Daily VideoMay 24, 2019
High school journalists report on sex education and public health
Directions: Read the summary, watch the videos and answer the discussion questions below. You may want to turn on the “CC” (closed-captions) function.
Summary: Two videos from PBS NewsHour’s Student Reporting Labs series on “Health Innovators” show how members of the public tackle health initiatives in their communities.
High school students in San Antonio, Texas (see video above), are battling one of the highest teen pregnancy rates in the country. One San Antonio high schooler says she does not feel that she has been given an adequate science-based sex education, a major contributing factor in teen pregnancy. Another student said her sister’s pregnancy at the age of 15 caused a big rift in her family since the topic of sex education is not one that more traditional families discuss. However, members of the Youth Advocacy Council (YAC) in San Antonio deal with these issues head-on by educating students and parents on healthy sexual activity and sending a positive message on sex education.
Jacksonville County, Wisconsin, has also taken an innovative approach to public health. The county ranks 61st out of 72 in state health rankings. “Jackson in Action” is looking to change that. The organization promotes preventative strategies, such as nutrition and fitness. The coalition strives to teach young children and teens responsibility, self advocacy and goal setting.
1. Essential question: What are the benefits of community-lead health initiatives?
2. Do you think it’s important for students to play a role in these initiatives? Explain.
3. How does the quality of sex education play a role in teen pregnancy rates?
4. What areas of health does Jackson in Action focus on? What health initiatives do you think should be part of your community? What would it take to make such an initiative happen (think about all the different individuals you heard from in both stories)?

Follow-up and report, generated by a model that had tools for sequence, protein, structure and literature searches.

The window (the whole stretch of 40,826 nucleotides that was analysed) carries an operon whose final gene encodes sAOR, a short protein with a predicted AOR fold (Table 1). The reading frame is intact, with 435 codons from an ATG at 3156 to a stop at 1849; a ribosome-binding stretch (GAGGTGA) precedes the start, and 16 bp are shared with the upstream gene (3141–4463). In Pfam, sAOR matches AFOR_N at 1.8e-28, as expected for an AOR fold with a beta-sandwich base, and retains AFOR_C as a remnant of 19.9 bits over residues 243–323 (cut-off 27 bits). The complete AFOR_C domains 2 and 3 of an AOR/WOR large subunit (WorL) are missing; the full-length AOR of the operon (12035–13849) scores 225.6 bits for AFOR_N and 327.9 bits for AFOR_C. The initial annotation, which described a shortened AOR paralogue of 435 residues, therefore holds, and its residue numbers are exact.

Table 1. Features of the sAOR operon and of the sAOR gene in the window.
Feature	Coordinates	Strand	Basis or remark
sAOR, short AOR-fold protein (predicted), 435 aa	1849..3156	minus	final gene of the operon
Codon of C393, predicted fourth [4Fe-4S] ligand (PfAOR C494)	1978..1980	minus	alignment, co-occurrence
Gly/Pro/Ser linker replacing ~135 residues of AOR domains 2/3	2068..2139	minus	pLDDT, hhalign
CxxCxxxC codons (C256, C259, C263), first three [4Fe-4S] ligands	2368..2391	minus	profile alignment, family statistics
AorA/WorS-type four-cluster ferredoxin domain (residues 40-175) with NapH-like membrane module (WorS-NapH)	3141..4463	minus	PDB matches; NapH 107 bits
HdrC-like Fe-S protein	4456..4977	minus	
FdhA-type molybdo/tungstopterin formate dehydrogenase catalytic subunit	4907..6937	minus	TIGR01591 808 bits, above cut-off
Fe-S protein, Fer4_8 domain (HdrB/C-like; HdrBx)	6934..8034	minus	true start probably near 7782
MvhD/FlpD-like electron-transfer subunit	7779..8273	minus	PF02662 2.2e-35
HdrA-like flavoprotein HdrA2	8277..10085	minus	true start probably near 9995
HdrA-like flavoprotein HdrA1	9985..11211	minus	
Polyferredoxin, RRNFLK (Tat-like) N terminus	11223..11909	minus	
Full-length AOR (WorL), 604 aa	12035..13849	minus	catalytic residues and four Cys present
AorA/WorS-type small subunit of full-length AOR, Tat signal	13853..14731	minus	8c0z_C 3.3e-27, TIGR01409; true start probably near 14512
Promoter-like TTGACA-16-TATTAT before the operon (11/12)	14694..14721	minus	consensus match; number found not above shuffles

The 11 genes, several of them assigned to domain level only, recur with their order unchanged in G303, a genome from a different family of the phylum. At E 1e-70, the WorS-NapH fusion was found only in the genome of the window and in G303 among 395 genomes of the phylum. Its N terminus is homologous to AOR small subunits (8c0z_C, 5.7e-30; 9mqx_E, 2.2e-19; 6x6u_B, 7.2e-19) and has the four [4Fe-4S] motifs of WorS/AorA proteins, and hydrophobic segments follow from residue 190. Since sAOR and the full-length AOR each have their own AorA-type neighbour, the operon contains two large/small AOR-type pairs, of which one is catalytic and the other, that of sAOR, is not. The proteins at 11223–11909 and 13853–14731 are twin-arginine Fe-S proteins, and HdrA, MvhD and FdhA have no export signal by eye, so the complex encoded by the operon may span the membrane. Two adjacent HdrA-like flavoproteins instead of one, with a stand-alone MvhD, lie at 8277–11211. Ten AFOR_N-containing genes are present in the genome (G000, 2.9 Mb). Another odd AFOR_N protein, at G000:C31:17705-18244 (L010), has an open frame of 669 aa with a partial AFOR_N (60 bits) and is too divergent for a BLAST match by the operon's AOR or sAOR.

5. Media literacy: PBS NewsHour Student Reporting Labs (SRL) produced both of the videos. You can learn more about SRL here. What additional questions do you have after watching the films?
Directions: Ask students to watch three additional videos of their choosing from the “Health Innovators” series here. (copy and paste URL: https://www.youtube.com/playlist?list=PLs0_TpcHnO2zR_1QNVN8DwaCMC0OPPySE)
1. What health innovations are featured in each video?
2. What do the stories have in common?
3. What choices did the individuals in the videos make? Do you agree with them? Explain.
4. How could the health innovators further develop their idea?
Bridgette Adu-Wadier, a sophomore at T.C. Williams High School in Alexandria, Virginia and NewsHour Extra’s intern, contributed to today’s Daily News Story, and Extra’s Vic Pasquantonio was the editor.
For monthly updates containing teacher resources on Election 2020, click here.
Sign up for short education highlights from the PBS NewsHour here.
Tooltip of related stories
Tooltip of more video block
Submit Your Student Voice
Discuss how competing interests may be putting conflicting pressures on schools planning their fall reopenings. Continue reading
After years of activist pressure, some sports franchises are formally considering name changes. Why do these name changes matter? Continue reading
How can students cultivate good outcomes for themselves and their communities through social media? Continue reading
Examine shifts in public policy and plans for the fall as coronavirus cases ramp up in mid-summer. Continue reading
In this lesson plan, uncover the hidden economy behind our quarantine takeout orders. Continue reading